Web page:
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Hostels are quite safe, despite the questionable reputation they may still carry. It’s easy for me to say this since I’ve experienced hostels over and over again, but for first-time hostel-goers, or for solo female travelers, I also understand the concerns. That’s why I’ve come up with a few easy steps that solo travelers can take to ensure an excellent experience while staying in shared accommodations.
At 36 years old (and terribly picky about where I sleep) I stayed in a hostel the majority of nights that I traveled through New Zealand for three months (with a working holiday visa). Even when I travel within the United States, I often choose hostels over hotels and other types of accommodations. The Budget-Minded Traveler Community had a lot to add about hostel safety, too.
Related: Why I’m 30 and Still Stay at Hostels
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Why Solo Female Travelers Should Choose Hostels
First, let’s talk about why hostels are a good choice for solo female travelers. One BMT Community member said she feels safer in hostels “because there’s plenty of people around.” I agree. I frequently recommend hostels for solo female travelers because of the simple fact that there is safety in numbers.
Depending on the size of the hostel, there can be hundreds of other travelers in the building, and they’re not just hidden away in their rooms. Shared space doesn’t stop at dorm rooms. You’ll find travelers all throughout the hostel in communal spaces where you cook, dine, lounge, do laundry, and shower.
Even if you choose a private room at a hostel, amongst all that shared space, people are always around – new friendships are almost inevitable.
With some help from the BMT Community, and based off my experience as a frequent hostel guest, I’ve come up with a list of the BMT’s top hostel safety tips for solo female travelers (of all ages) staying in hostels.
Related: 5 Hostel Myths BUSTED!
Be Diligent While Researching Safe Hostels
To find the best hostel for you, do diligent research. Take advantage of these three resources:
1. Read customer reviews. Begin with Hostel World, which has millions of reviews of the 33,000+ properties they have listed. Cross-check other sites like TripAdvisor or Booking.com, too. I like TripAdvisor because customers often share their own photos, which give a more realistic take on the shape the hostel is in, such as moldy ceilings, dirty bathrooms or kitchens, and other unsafe conditions.
2. Check to see if the hostel has a website. If they do, does it portray a safe, welcoming atmosphere? Ensure that information about the rooms, facilities, payments, refunds, etc. is clearly defined. You don’t want any surprises when you show up!
I should have run for the hills when I saw the website for the worst hostel I stayed at in New Zealand (see the story below). It was a single webpage, totally disorganized, outdated, and riddled with spelling and grammar mistakes. It makes me wonder if they don’t care enough to have a professional, up-to-date website, do they care enough about my safety and needs as a guest?
3. Poll the BMT Community. With over 5,000 travelers from all over the world, there’s a good chance someone will know the hostel in question or can give helpful recommendations for alternative hostels in the area. Join the community here –> The Budget-Minded Traveler Community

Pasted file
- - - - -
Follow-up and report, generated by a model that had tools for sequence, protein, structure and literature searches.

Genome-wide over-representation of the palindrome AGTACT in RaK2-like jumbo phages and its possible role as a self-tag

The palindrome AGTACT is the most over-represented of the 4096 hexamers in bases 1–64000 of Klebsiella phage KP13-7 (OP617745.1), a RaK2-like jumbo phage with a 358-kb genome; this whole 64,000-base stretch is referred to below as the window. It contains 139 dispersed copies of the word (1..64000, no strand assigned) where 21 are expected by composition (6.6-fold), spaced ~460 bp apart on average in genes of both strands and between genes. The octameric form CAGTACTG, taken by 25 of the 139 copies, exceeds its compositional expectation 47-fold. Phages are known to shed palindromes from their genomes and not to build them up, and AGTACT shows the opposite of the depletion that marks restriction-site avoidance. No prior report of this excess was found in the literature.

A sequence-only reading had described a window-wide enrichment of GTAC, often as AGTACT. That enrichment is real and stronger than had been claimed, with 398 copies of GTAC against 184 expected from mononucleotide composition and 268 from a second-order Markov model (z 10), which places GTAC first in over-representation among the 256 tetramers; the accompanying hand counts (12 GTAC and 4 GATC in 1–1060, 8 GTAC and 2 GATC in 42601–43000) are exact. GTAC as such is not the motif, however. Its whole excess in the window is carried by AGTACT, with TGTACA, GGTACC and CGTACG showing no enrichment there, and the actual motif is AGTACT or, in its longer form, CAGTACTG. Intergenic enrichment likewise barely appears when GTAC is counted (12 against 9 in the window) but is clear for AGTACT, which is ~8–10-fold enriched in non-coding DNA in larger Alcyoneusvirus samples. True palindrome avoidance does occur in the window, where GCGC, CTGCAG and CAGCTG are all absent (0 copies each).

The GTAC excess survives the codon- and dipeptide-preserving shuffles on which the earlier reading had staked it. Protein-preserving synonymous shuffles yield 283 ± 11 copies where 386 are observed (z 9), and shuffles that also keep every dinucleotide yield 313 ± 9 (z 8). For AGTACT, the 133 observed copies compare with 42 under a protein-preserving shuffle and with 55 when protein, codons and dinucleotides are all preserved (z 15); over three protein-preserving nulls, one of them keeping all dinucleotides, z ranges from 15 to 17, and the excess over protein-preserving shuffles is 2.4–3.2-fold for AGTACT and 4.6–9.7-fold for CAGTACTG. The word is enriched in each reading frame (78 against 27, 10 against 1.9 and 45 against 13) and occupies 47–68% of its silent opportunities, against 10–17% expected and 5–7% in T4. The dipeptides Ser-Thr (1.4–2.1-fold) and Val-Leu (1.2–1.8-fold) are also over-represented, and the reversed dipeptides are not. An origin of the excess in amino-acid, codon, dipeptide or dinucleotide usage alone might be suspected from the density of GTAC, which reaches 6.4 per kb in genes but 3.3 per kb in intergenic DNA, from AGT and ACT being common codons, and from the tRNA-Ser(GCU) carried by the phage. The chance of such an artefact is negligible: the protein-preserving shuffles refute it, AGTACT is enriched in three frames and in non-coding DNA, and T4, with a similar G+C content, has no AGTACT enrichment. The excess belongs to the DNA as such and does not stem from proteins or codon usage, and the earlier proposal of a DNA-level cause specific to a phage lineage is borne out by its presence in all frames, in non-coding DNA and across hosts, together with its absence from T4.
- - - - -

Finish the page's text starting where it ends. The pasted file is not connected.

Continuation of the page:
What to Look for in Hostel Reviews
Look for the following while reading hostel reviews:
- High ratings for security/safety, staff/customer service, and cleanliness
- High total number of reviews (shows that it’s an established facility)
- A high number of reviews from solo travelers (pay attention to reviews written by women)
- Recent reviews within the past 6-12 months (hostel management could have made significant improvements or gone way downhill in that amount of time)
- Hostels with management responses (shows they are paying attention and care about their guests)
- Positive mentions of safety, security, solo female travelers, cleanliness, etc. (use keywords in a search bar to find specific reviews)
Ultimately, no matter what the reviews say, always trust your own intuition.
Look out for these review red flags
If you spot several of these red flags while researching a hostel, beware!
- A low number of total reviews
- More poor/terrible ratings than excellent/very good ratings
- No or very few reviews by solo travelers
- Unresponsive management
- Multiple mentions of the same safety/security/cleanliness issues
Tips for Choosing a Safe Hostel
1. Choose a hostel in a central location. The BMT Community agreed this is the best choice. You’ll be close to transportation, restaurants, shops, a grocery store, and perhaps the sights you wish to see.
2. You don’t always have to go for the cheapest option. Paying a few extra dollars is worth the extra amenities, more central location, or other factors that you prioritize.
3. Walk away if you don’t love it. If you arrive and it’s not what you were expecting or you just don’t have a good gut feeling about the place, it’s 100% OK to walk away and find an alternative. Your safety and sanity are more important! This is when it helps to have a backup fund or emergency credit card for unexpected costs if the only alternative is a hotel.
4. Speak up about your needs and expectations. Sometimes just saying that you will find an alternative place to stay is enough for the hostel to accommodate your request. For instance, I arrived at a hostel in Blenheim, New Zealand (the worst hostel I stayed at in New Zealand) that I booked a bed in a female-only room over the phone. When I arrived, they tried to give me a bed in a mixed gender room with another female and one male.